“…John draws no lines between history and interpretation, story and theology. To try to separate what happened in the life of Jesus from its meaning is a false pursuit for this Gospel. That claim does not minimize or dismiss the possible historical values of the account of Jesus’ life and ministry in John, but instead recognizes that, for John, the value of the events of Jesus’ life and ministry lies in their theological significance- what they reveal about God- and not in the events in and of themselves. In order to understand what John says about Jesus and God, then, one must attend carefully to how he tells his story. …To understand the theological world of John, one must begin by recognizing the centrality of the incarnation to the Gospel….Jesus’ revelation of God is thus not simply that Jesus speaks God’s words and does God’s works, although that is part of it (e.g., 5:19-20;10:25,37-38; 12:48-49). It is, rather, that Jesus is God’s Word. No line can be drawn between what Jesus says and what he does, between his identity and mission in the world. Jesus’ words and words, his life and death, form an indissoluble whole that provides full and fresh access to God.” (O’Day:495).


I. Book of Signs chapter 1-12

A. The Prelude to Jesus’ Ministry 1:1-51

1. 1:1-18 Hymnic prologue

2. 1:19-51 Narrative prologue

a. John the Baptist 1:19-34

b. The Call of Disciples 1:35-51

B. “The Greater Things”: Jesus’ Words and Works 2:1-5:47

a. Cana 2:1-12

b. The Cleansing of the Temple 2:13-22

c. The discussion with Nicodemus 2:23-3:21

d. The second appearance of John the Baptist 3:22-26

e. Jesus and the Woman of Samaria 4:1-42

f. Healing of an Official’s son 4:43-54

g. Healing at Bethzatha and Discussion 5:1-47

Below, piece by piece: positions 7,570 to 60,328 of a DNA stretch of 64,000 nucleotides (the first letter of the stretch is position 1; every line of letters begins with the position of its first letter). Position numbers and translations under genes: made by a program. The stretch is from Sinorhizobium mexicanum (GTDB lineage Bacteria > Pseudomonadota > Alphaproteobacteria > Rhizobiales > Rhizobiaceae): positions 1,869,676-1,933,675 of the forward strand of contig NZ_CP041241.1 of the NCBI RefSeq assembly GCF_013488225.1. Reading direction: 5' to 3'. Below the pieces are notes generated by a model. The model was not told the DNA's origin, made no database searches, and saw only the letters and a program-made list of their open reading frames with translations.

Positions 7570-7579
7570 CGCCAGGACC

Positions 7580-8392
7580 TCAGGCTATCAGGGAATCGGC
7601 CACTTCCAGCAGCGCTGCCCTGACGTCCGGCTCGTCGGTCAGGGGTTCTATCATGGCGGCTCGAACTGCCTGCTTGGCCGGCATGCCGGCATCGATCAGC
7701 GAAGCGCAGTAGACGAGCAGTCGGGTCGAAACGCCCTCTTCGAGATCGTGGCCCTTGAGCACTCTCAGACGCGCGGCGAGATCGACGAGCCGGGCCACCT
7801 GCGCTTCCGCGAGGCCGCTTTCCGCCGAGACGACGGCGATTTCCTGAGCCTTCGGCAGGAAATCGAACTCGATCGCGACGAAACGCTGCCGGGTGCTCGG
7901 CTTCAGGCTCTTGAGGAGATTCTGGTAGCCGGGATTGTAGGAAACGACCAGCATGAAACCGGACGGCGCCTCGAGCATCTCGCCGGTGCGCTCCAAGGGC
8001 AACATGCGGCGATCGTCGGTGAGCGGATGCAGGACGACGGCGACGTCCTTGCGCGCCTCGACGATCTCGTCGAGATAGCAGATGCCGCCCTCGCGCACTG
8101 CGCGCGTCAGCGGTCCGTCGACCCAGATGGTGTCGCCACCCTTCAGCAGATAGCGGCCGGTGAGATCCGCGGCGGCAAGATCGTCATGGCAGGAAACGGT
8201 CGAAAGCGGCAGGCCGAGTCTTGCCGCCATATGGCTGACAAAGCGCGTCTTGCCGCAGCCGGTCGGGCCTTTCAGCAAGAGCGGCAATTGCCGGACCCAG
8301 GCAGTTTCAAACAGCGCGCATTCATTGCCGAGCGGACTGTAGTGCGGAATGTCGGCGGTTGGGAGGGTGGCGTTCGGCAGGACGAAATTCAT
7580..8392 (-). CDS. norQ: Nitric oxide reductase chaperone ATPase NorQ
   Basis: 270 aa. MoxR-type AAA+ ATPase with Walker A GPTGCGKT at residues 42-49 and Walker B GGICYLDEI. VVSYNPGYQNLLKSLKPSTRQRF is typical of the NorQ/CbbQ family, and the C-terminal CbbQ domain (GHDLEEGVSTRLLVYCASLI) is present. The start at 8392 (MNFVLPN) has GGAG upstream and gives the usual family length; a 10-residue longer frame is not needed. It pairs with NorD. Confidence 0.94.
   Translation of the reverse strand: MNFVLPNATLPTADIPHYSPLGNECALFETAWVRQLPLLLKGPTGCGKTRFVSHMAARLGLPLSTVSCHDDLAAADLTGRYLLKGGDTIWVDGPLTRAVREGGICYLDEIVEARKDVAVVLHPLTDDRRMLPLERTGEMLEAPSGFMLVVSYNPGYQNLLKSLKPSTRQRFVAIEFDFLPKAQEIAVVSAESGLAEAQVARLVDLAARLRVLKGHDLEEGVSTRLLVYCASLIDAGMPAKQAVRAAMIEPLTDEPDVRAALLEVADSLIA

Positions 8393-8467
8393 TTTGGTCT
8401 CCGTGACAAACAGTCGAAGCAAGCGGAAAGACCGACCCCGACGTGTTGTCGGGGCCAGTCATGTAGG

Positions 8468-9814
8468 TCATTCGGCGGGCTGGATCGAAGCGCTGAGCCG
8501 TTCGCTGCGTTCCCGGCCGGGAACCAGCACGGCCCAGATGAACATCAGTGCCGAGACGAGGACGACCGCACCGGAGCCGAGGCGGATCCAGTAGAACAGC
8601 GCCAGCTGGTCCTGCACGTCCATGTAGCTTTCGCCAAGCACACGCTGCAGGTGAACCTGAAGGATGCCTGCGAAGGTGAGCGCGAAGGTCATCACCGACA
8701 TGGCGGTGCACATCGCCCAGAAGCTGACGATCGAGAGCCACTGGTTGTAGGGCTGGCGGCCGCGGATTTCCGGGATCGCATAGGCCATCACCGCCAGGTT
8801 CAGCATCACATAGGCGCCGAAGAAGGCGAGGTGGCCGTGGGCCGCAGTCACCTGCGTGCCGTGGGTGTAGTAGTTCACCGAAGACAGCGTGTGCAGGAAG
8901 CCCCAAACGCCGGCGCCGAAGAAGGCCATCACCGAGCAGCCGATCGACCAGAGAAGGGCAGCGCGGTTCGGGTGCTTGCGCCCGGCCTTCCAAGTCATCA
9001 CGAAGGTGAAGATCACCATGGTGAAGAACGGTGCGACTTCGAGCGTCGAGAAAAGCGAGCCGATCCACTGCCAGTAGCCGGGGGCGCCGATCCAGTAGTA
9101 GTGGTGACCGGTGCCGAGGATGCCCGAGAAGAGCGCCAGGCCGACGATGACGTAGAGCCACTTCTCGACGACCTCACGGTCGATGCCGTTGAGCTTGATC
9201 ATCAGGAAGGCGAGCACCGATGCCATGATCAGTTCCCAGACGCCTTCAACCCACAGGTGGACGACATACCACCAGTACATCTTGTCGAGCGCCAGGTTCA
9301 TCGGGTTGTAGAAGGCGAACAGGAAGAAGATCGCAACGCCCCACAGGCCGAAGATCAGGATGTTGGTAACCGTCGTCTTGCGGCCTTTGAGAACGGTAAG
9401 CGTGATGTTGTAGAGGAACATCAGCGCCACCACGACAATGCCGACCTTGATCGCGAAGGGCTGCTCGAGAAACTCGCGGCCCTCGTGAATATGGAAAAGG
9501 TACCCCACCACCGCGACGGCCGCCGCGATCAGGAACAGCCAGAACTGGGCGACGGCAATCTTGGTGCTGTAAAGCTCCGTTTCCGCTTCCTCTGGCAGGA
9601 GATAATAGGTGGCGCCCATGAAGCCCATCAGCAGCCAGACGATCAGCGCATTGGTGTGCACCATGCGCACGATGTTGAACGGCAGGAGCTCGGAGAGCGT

C. Jesus’ Words and Works: Conflict and Opposition Grow 6:1-10:42

a. Feeding of the Five Thousand and Bread Discourse 6:1-71

b. Jesus at the Feast of Tabernacles 7:1-52

c. The Woman Taken in Adultery 7:53-8:11

d. Jesus the Light of the World 8:12-59

e. The Man Born Blind 9:1-41

f. Jesus the Good Shepherd 10:1-42

D. The Prelude to Jesus’ Hour 11:1-12:50

a. The Raising of Lazarus 11:1-44

b. The Condemnation of Jesus 11:45-54

c. Jesus Final Jerusalem Visit and the End of His Public Ministry 11:55-12:50

11. Book of Glory chapters 13-21

A. The Farewell Meal and Words of Jesus 13:1-17:26

a. The Last Supper 13:1-38

b.The Farewell Discourse and Prayer 14:1-17:26

B. “The Hour Has Come” Jesus Arrest, Trial and Death 18:1-19:42

a. Jesus’ Arrest 18:1-11

b. Jesus Before the High Priest and Peter’s Denial 18:12-27

c. Jesus before Pilate 18:28-19:16

d. The Execution of Jesus 19:17-37

e. The Burial 19:38-40

C. The First Resurrection Appearances 20:1-31

a. The Empty Tomb 20:1-10

b. Mary at the Tomb 20:11-18

c. Appearances to the Twelves and Thomas 20:19-29

d. The Purpose of the Gospel 20:30-32

D. Jesus’ Resurrection Appearance at the Sea of Tiberius 21:1-25

a. The Appearance by the Sea 21:1-14

b. Peter and the Beloved Disciples 21:15-25

Read More About It

Carter, Warren John: Storyteller, Interpreter, Evangelist, (Peabody, MA:Hendrickson Publishers) 2006.

Johnson, Luke Timothy, The Writings of the New Testament: An Interpretation, rev. ed. (Minneapolis:Fortress Press) 1999.  Chapter 24 “The Gospel of John”

Miller, Donald G. and Bruce M. Metzger “The Gospel According to John”  in The New Oxford Annotated Bible, Bruce M. Metzger, Roland E. Murphy eds. (New York: Oxford University Press) 1994.

O’Day, Gail R. “The Gospel of John” in The New Interpreter’s Bible Volume IX, Leander Kirk,eds. (Nashville: Abingdon Press) 1995.

Smith, D. Moody “John” in HarperCollins Bible Commentary, rev. ed.James L Mays, ed. (New York: Society of Bible Literature) 2000.